IPL fixing allegations May 18, 2013

The sound of silence

Gauging from the official broadcast of the IPL you'd be hard-pressed to guess there has been a spot-fixing scandal over the past few days

Two days after the news first broke of three Indian cricketers being arrested for alleged spot-fixing in the IPL, the official response has been restricted to a press conference by the BCCI president and a few one-on-one interviews given by him to various TV channels and newspapers. N Srinivasan has been more candid than usual and the questions have been tougher than those he normally faces - tough questions for tough times.

What has been disconcerting, though, has been the deafening silence on other official fronts. The IPL chairman, Rajiv Shukla, was missing from the public eye till Saturday morning - a sharp contrast to his usual willingness to comment on any issue of national importance. Shukla is the willing and often cheerful go-to person at the time of any issue, a handy disposition given the number of hats he wears - he is also a junior minister in the federal government, an MP and a political lubricant with friends across various sections of the fractious political landscape. His usual patience and unflappable demeanour, and his long personal experience as a media professional, would have been ideal in the face of the current crisis. Yet his only presence, in those first 48 hours, was a few bytes to PTI.

Shukla's boss, Srinivasan, when asked about this on Friday evening, said he (Srinivasan) would take responsibility as president of the BCCI - a statement Shukla echoed when he finally emerged on Saturday morning. Yet surely the IPL chairman needed to be the face of the tournament at a time when it was experiencing its worst crisis since 2010? That, you will recall, was the chaotic and acrimonious fallout of Lalit Modi's sacking as IPL chairman - the fallout of which is still hanging ominously over the league. Modi had many faults but he was not one to avoid the cameras - he just ensured he controlled the message, forget about the medium.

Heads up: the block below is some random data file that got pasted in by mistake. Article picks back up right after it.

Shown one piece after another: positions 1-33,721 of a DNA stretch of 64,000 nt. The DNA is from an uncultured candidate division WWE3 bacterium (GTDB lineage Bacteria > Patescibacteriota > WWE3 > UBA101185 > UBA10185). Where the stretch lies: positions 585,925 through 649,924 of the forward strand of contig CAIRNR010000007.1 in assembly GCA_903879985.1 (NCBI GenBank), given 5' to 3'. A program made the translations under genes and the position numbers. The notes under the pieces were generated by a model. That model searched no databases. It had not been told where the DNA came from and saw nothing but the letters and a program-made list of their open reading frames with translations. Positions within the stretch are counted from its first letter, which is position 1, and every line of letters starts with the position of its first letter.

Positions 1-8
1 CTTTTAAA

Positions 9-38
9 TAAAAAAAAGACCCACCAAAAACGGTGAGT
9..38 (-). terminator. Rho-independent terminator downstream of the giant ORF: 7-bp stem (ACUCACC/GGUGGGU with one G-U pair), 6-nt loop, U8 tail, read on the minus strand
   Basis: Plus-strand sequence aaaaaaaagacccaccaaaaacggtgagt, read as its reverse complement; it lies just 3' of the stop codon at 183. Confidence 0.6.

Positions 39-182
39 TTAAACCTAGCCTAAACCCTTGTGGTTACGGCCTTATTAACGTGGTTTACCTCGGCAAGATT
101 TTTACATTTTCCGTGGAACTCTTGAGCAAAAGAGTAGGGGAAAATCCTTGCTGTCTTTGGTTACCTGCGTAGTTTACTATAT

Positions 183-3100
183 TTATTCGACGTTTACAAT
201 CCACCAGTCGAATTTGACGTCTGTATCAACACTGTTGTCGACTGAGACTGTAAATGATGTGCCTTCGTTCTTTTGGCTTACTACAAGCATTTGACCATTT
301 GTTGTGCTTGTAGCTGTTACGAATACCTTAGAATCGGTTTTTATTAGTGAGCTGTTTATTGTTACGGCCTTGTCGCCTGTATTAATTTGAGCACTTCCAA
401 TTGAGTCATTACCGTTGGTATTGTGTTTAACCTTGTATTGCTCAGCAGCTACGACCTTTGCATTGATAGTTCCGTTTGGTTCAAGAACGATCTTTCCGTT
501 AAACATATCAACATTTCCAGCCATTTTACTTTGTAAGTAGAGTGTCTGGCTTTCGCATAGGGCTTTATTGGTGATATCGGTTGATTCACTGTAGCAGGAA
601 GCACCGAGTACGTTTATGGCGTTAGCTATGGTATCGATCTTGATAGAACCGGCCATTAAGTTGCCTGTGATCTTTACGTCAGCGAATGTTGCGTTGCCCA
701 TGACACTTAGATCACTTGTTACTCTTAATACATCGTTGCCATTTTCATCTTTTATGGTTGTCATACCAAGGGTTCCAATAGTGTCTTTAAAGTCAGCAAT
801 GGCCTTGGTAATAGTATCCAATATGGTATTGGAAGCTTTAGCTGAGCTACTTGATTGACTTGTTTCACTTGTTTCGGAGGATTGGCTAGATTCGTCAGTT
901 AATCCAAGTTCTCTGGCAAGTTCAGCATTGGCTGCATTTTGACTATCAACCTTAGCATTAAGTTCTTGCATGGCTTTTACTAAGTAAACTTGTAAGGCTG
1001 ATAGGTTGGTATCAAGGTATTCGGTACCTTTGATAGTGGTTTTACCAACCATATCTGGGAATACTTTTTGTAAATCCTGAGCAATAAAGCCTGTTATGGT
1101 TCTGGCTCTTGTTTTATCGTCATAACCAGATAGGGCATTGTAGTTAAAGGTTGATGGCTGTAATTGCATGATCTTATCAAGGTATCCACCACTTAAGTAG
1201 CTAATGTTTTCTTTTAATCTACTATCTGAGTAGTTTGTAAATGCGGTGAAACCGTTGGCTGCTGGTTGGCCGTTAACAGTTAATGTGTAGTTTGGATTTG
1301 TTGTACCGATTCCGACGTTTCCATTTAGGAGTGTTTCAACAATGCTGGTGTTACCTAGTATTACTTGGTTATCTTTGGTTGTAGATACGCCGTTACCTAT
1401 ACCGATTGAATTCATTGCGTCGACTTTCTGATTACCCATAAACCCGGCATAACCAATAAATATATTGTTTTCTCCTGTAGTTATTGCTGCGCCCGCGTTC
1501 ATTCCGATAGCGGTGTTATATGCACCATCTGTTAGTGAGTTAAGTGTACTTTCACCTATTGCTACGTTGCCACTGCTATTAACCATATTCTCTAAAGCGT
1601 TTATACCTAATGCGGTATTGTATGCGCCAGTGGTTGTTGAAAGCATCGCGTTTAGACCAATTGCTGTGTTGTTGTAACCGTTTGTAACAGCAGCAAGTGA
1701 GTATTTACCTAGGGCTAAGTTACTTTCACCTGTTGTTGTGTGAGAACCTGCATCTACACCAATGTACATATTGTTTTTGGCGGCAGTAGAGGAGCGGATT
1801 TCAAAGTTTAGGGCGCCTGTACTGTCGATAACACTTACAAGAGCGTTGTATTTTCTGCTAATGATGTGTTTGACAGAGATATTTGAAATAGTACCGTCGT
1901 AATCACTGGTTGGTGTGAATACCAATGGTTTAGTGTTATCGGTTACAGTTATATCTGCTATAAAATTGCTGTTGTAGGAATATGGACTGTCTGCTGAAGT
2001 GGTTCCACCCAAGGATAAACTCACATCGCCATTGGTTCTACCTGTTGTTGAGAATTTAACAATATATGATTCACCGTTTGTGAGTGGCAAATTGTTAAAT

Even more disturbing, though, is the total silence, across two match-days, over this issue on the official IPL broadcaster Max. Not once during the matches, not once during its extensive pre- and post-match shows, was the spot-fixing controversy mentioned. Not on Thursday, when the news broke of the arrests; not on Friday, when Rajasthan Royals, whose three players were in police custody, were back on the field. Only twice was the issue raised, both times during the toss on Friday. First Ramiz Raja asked Rahul Dravid, the Royals captain, about the "tough couple of days". Then, toss done and lost, Dravid is asked the same question by Alistair Campbell. Same answer - It's been tough for everyone who follows the game.

One does not expect, on the official channel, a full-fledged discussion on spot-fixing but to avoid the issue altogether is a blinkered policy that works only in societies where despotic regimes have cut off all access to the outside world. It merely confirms, for the critics, the impression that the IPL - or, at least, its coverage on the official channel - is less about the cricket and more about the entertainment. An impression further underlined by the presence, on Friday's pre-match-show, of two Bollywood actors and the subsequent discussion of topics that, to put it mildly, left the usually articulate and insightful Isa Guha a mere spectator.

One does not expect, on the official channel, a full-fledged discussion on spot-fixing but to avoid the issue altogether is a blinkered policy that works only in societies where despotic regimes have cut off all access to the outside world

It was like watching two parallel universes: one, in which the crisis was being discussed threadbare, with all its implications and interpretations, and another in which the crisis didn't exist. (There was a third universe - the spectators in the Hyderabad stadium who, as our reporter Abhishek Purohit wrote, knew the facts but didn't really care.)

Granted there is a limit to what can be discussed on air but one can mention facts without veering on the wrong side of libel. One can talk about the possible effects of such an incident on a team, a set of players who have been together for the past two-odd months. One can talk about this being the ultimate test of Dravid's captaincy and draw on past crises he has been faced with. There is no end to the scope for intelligent debate even on such a sensitive topic. Though perhaps "intelligent debate" is an oxymoronic phrase in the context of the IPL. To sweep the issue entirely under the carpet is to do the public a disservice at best.

Contrast this with ITV's coverage of the IPL in the UK; there was a frank and free discussion on Thursday, the day the story broke, with the participants - including Aakash Chopra - at liberty to discuss the story after a briefing by lawyers. Or cast your mind back to that day in August 2010, the morning after the News of the World revelations of spot-fixing. The issue would have been as damaging to Sky, the broadcasters of that series, as this is to Sony, yet that Sunday morning the commentators did not shy away from discussing the story and, if memory serves one right, even held up a copy of the newspaper in the studio.